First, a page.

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Suicide Prevention: What Parents Should Know

Author: Sam Fabian
Published Date: Tuesday, September 1, 2020

By Sam Fabian, Community Outreach

Each of us has the power to be the one to help prevent suicide. This September, a new social media campaign for National Suicide Prevention Month – #BETHE1TO – empowers each of us to help prevent suicide by taking five specific steps.

Although no parent wants to think about their child feeling suicidal or struggling with their mental health, it’s important to talk about it.

Growing up has always presented challenges, but today, life seems more complicated than ever before. Anxiety, depression, and youth suicide rates have been on the rise for the last decade. Suicide is now the second leading cause of death in youth ages 10 to 24.

Additionally, the COVID-19 pandemic has created a scenario where our youth spend more time online to play, work, interact with friends, go to school, and fill downtime. Being caught up in a digital world can make it more difficult to see the signs that your child has increased feelings of distress, anxiety, and hopelessness. Obvious signs like changes in routine or inactivity may not be as apparent due to the time spent online and the necessary isolation COVID-19 has created.

There are signs, however, that can signal when your child or someone you know is considering suicide, especially during times of physical distancing.

  • Look for changes in your child’s tone, language, and time of day when texting, talking, or posting online. Initiate conversation about their online activity with questions like, “How was your day online?” or “Have you seen any interesting posts from your friends?”
  • Look for changes in the frequency and content they are posting online. Look out for posts that indicate hopelessness: “This is the last time I will … ”
  • Notice if your youth stops doing what they love, such as no longer playing an instrument, drawing, writing, or playing a sport.
  • In addition to the above, watch for changes in energy levels or appetite, use of drugs or alcohol, mood swings, trouble sleeping or relaxing, frequent headaches or stomachaches, heightened worrying or anxiety, and giving things away to siblings or friends.

If you suspect your child is struggling with suicidal thoughts or depression, you can #BETHE1TO:

1.) Ask. Communicate with your child or teen your concerns in a supportive way to open the door. Directly asking “Are you thinking about killing yourself?” can kickstart an effective dialogue about their emotional pain. Do not promise to keep their thoughts of suicide a secret. Actively listen and do not ignore or dismiss their thoughts or feelings.

2.) Be there. Whether you are a parent, relative, or friend, being there physically may not always be possible, but you can still connect by talking on the phone or through FaceTime or Zoom, which shows support for a person at risk. Whether you connect online or in person, just listening to their reasons for feeling hopeless or in pain, without judgment and with compassion, will reinforce they are being heard, which in turn builds hope and can save their life. Never underestimate the power of connection.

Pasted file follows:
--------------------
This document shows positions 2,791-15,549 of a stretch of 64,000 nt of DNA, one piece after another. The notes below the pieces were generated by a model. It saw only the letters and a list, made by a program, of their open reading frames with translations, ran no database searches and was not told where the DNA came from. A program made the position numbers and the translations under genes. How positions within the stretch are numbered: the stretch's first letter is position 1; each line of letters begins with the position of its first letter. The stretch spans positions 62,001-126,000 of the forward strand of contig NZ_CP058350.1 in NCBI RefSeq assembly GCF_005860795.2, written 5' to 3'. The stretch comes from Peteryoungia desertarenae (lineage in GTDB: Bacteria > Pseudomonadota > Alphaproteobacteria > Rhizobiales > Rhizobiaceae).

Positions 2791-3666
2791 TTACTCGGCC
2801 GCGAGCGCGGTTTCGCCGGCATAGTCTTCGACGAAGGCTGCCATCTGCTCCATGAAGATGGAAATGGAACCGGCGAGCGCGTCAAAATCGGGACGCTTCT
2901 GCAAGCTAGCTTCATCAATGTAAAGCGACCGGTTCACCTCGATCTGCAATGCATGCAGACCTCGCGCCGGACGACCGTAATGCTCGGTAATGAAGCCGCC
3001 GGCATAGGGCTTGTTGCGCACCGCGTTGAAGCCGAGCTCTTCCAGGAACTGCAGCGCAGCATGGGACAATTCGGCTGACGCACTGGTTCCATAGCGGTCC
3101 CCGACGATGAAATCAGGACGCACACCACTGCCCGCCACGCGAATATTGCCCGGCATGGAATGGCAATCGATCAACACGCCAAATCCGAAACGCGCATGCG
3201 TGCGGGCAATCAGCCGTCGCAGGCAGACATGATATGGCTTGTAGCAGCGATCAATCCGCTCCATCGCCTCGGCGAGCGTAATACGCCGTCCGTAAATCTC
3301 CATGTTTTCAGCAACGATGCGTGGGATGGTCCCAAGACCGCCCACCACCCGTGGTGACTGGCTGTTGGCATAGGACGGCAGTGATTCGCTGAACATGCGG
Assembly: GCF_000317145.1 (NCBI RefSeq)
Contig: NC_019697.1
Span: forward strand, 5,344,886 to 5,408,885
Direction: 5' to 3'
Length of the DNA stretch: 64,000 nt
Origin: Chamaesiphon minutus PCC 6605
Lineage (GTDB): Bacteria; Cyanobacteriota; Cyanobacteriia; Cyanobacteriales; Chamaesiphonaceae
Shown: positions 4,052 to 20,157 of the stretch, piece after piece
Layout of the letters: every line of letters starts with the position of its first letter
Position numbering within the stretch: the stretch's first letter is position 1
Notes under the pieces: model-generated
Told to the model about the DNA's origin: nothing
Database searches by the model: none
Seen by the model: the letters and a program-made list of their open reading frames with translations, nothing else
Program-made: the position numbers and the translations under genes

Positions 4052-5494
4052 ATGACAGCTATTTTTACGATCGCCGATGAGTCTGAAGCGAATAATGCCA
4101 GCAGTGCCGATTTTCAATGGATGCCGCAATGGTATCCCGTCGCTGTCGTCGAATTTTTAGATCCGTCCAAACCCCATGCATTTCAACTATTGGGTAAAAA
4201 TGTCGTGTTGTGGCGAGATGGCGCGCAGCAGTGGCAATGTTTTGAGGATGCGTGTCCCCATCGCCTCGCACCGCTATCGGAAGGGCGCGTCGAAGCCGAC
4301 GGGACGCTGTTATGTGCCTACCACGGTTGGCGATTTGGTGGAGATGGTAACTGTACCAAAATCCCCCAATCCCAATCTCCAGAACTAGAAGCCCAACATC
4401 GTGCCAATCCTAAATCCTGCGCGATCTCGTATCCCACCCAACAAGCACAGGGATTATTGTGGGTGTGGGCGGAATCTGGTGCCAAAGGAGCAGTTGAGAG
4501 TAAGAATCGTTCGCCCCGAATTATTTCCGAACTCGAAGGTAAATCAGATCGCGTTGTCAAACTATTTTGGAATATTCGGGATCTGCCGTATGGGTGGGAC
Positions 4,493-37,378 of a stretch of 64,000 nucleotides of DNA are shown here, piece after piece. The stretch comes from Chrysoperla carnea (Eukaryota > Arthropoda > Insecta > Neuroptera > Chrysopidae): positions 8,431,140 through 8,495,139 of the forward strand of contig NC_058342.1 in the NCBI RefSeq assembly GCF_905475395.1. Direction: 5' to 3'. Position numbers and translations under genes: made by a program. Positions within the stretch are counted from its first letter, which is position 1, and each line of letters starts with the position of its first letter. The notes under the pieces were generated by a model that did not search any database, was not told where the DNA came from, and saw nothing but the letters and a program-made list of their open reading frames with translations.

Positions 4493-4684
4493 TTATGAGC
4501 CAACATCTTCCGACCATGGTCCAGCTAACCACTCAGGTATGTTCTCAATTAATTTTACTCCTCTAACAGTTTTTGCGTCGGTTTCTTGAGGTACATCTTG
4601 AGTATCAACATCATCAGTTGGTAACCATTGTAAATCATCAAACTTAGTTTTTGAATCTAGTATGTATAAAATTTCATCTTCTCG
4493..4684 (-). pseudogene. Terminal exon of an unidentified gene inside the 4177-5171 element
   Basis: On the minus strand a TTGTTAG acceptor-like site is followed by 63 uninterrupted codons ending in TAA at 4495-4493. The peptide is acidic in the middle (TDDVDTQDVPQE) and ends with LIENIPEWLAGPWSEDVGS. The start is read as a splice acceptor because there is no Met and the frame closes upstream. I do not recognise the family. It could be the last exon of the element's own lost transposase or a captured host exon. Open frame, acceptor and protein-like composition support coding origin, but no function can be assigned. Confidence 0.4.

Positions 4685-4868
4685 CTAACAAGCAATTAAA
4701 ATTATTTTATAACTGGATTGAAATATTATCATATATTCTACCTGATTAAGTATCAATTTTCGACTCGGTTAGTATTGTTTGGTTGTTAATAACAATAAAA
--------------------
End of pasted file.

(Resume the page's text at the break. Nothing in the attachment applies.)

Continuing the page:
3.) Keep them safe. If you have determined your child is having suicidal thoughts, establishing safety is critical. Knowing if they have tried to kill themselves before, or have a plan, and knowing if they have access to their planned method is critical in determining what to do next. This will help you understand the severity of the danger your child is in. Depending on the severity and access to the method they have identified, call 911 or take your child to the nearest emergency department immediately. CHKD has a licensed mental health professional in the emergency department 24/7 who can provide an assessment, resources, and partner with you and your child on next steps.

4.) Help them connect. Those who have suicidal thoughts should be connected with ongoing supports. Lifeline, (800) 273-TALK (8255), is a suicide hotline that can help them establish a safety net for those moments they find themselves in a crisis. In addition, your child can text the word HOME to 741741 to establish a chat with a trained crisis counselor. CHKD’s 757-668-HOPE (4673) line can assist parents in identifying local resources and services for their child during business hours.

5.) Follow up. Check in regularly with your child. They may express, in some form or fashion, that you are annoying them by checking-in, but do it anyway. It does matter to your child, as it demonstrates that you care and want to be sure that they are safe. It’s important for you to physically see them to check in when possible and use technology if not. They need to feel connected and have a sense of belonging.

For more information about mental health services at CHKD, visit

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About Sam Fabian

About Sam   Fabian Community outreach program manager Sam Fabian oversees parent education and outreach programs at CHKD. She coordinates CHKD conferences and special events and collaborates with community boards and coalitions. She also develops programmatic partnerships with local schools, recreation centers and clubs and civic organizations.